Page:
Djiboutian Navy Teams with CJTF-HOA to Expand Weather Operations
Djiboutian Navy sailors teamed up with Combined Joint Task Force - Horn of Africa's meteorology and oceanography operations branch, or METOC, to install a weather sensor at the Djiboutian Maritime Operations Center here, May 17.
Part of METOC's mission is to increase the amount of environmental data collected in East Africa. To accomplish this, they engage with different nations in East Africa and install weather sensors around the region, which in turn helps create international relationships, said U.S. Navy Petty Officer 1st Class Amy Sexton, METOC leading petty officer.
"The weather forecast is very important in naval operations," said Djiboutian Navy Lt. Gouled Osman Moussa, communications officer. "This device will help the Djiboutian Navy to have a better understanding of current weather conditions in the port, and it will help our chain of command to make decisions in the maritime capacity."
The weather sensor, installed at the Port of Djibouti, will aid current observation information to ships in the area and provide another source of data in the region, said Sexton.
"It's a basic weather sensor," said Sexton. "It reads temperature, humidity and pressure, which are important here in the port."
The data is very useful for the Djiboutian Navy Maritime Operations Center, said Moussa. The Djiboutian Navy will use the information the sensor collects for their port weather brief they provide every six hours.
According to Sexton, installing the sensor represents a two-part outcome. First, in regard to CJTF-HOA's mission, the sensor is a common point between Djibouti and the United States that helps enhance the partnership between the two nations.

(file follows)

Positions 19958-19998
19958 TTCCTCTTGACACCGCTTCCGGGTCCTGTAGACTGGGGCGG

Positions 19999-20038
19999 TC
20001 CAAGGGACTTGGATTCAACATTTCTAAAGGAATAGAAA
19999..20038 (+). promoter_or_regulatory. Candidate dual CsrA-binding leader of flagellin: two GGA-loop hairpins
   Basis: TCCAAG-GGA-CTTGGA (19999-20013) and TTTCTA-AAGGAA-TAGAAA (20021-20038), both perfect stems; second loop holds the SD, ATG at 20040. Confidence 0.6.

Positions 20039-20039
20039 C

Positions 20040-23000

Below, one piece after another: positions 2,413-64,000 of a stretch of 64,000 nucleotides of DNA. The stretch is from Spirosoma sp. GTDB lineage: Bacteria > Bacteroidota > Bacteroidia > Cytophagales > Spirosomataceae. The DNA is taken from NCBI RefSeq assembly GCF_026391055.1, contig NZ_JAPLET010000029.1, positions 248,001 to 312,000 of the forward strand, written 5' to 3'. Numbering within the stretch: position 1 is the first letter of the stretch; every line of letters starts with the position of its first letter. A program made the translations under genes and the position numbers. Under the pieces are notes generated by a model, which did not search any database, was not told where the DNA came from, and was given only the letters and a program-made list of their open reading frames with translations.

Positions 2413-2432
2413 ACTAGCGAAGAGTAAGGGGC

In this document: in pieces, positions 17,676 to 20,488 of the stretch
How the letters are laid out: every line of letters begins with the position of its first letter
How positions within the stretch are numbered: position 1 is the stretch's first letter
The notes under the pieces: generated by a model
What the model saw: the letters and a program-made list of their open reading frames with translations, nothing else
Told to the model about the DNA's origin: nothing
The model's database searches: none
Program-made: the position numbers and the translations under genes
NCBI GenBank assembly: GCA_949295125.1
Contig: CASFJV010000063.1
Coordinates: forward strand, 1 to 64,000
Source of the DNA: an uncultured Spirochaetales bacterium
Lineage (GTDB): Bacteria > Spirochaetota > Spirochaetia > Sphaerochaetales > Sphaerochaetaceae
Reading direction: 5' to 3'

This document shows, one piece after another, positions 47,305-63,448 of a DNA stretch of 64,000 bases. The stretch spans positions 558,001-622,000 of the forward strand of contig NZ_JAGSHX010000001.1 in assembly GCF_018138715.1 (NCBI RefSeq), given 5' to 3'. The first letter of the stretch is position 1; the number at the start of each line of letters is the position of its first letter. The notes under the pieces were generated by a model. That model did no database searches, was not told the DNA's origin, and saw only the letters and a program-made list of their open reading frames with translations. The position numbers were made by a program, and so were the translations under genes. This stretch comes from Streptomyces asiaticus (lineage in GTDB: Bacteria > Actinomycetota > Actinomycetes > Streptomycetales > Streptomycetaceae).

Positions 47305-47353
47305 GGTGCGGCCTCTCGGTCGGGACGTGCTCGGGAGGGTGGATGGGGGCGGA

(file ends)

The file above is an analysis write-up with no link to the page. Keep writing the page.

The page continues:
Second, the sensor provides local environmental data accessible through the internet via the Weather Underground website, which is a free public source of weather data, said Sexton.
This particular sensor is part of a larger network of sensors in East Africa, Sexton added. For the weather community, the data collected will help increase the accuracy of the weather information disseminated from the region.
"Our team works closely with the Djiboutian Meteorological Agency and we have a strong relationship with the Djiboutian Navy, so we are going to build a relationship between the two organizations and get Djiboutian weather forecasters involved with the Djiboutian Navy," said Sexton. "This is one of the busiest ports in the Horn of Africa, so having accurate, current weather information will help in the long run."